Smarter transport pricing on its way

This blog post was written by Paul Buetow, a partner at Kensington Swan specialising in  construction and infrastructure law.

Dynamic Auckland

Late last week the ATAP (Auckland Transport Alignment Project) final report was released. The ATAP process has focused on central and local government working together to assess Auckland’s transport issues and how to respond to them. This alignment is critical to addressing Auckland’s ever increasing congestion problems. One of the fundamental findings in the report in that Auckland’s transport problems cannot be solved solely through new infrastructure investment (assuming that sufficient funding can be found). In addition, better management of the existing network is required, together with a greater focus on the demand side of how we use our infrastructure:

We need to better balance transport demand with the capacity of our infrastructure and services. This requires a fundamental shift to a greater focus on influencing travel demand through smarter transport pricing, and accelerating the update and implementation of new technologies, alongside substantial ongoing transport investment, and getting more out of our existing network.

ATAP proposes addressing congestion through a congestion tax on travel on Auckland’s roads on a per km basis in place of other forms of taxation (primarily petrol taxes) within the Auckland Isthmus. However, how this will be done, how funding will be addressed, and how political and equity issues will be resolved still need to be determined.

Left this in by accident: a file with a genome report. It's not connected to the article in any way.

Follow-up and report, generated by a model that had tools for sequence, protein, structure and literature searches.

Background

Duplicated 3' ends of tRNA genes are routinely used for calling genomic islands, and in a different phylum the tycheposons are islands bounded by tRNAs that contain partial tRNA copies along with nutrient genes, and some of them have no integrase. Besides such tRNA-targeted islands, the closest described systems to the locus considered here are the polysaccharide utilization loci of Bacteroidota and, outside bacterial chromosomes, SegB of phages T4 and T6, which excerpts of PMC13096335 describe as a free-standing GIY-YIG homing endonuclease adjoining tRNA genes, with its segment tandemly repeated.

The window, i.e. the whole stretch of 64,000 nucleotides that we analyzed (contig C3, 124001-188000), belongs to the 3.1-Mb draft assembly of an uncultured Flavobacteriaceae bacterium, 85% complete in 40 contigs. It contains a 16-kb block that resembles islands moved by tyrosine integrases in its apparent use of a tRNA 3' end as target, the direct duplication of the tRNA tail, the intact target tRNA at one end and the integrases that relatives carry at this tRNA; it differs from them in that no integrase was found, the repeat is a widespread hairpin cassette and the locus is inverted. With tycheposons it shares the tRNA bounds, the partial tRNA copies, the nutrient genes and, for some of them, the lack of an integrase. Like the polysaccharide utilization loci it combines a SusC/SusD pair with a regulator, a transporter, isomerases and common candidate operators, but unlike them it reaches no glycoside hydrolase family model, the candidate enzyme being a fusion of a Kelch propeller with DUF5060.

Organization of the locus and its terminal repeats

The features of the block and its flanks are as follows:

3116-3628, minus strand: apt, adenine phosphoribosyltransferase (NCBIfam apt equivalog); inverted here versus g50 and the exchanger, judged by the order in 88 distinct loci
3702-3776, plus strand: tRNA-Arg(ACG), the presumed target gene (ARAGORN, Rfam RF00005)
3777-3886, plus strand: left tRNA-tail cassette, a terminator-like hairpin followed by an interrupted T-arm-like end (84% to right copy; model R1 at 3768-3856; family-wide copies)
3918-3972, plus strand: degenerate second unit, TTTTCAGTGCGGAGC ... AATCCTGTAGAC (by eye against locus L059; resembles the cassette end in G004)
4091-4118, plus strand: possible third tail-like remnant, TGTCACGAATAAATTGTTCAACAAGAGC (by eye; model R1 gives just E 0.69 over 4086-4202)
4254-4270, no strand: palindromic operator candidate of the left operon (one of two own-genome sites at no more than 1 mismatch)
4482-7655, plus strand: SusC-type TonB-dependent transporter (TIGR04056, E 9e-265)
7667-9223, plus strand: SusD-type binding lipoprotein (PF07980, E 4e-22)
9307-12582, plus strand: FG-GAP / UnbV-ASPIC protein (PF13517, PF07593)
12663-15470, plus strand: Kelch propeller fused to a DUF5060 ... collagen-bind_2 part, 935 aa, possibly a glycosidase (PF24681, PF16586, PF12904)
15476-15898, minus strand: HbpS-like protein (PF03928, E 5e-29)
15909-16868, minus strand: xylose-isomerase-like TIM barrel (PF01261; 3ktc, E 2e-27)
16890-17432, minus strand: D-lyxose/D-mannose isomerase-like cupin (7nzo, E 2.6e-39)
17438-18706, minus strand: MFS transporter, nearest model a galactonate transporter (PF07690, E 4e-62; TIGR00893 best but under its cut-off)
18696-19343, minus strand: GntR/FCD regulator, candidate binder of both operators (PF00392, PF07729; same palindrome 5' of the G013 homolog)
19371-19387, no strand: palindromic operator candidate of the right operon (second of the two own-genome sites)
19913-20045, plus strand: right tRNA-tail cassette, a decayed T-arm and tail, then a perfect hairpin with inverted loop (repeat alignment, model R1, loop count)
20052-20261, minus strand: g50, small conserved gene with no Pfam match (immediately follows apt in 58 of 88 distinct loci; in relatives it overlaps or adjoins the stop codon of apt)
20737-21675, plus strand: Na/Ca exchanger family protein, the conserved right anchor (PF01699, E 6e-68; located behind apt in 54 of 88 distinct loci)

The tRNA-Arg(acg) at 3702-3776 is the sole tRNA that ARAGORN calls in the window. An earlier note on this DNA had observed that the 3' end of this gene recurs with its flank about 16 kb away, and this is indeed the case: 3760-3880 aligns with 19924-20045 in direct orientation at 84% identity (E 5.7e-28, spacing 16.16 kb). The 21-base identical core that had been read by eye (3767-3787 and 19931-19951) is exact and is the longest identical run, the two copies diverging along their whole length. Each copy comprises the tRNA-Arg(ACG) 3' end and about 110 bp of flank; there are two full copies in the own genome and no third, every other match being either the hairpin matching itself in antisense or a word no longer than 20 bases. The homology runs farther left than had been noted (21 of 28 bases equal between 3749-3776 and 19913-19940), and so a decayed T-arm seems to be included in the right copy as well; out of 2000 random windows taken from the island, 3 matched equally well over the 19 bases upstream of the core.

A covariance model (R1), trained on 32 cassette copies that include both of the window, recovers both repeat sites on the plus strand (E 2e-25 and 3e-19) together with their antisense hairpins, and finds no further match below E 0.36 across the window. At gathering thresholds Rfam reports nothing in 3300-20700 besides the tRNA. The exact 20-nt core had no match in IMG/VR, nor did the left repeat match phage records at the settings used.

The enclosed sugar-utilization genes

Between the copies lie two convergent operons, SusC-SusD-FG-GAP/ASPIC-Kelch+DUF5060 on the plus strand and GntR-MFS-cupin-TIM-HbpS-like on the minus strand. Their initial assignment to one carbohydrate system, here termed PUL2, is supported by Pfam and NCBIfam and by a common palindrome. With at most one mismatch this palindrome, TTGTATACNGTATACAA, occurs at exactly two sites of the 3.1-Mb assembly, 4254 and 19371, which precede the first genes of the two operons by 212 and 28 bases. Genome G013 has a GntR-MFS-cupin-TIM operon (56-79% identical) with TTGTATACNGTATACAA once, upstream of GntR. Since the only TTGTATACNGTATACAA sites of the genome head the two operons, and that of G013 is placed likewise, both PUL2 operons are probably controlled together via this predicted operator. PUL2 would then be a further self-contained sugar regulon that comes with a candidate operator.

One of the recommendations of report is the early establishment of a dedicated project to progress smarter transport pricing, with a view to implementation within the next 10 years. It is good that attention has turned to managing demand on Auckland’s roads. However, we can hopefully move faster than the 10 year period noted in the report. A lot of work is required before road pricing can be implemented in Auckland, but we can learn from experiences overseas – particularly in Sweden and Singapore. Addressing the issue will require political champions, consultation, legislative change and considerable work, but it is vital that this is done sooner rather than later to prevent Auckland’s transport congestion steadily worsening as its population continues to grow.

There is also of course the issue of how to integrate Auckland’s transport planning with land use, but that’s a topic for a future blog.

For more information on the report please click here.

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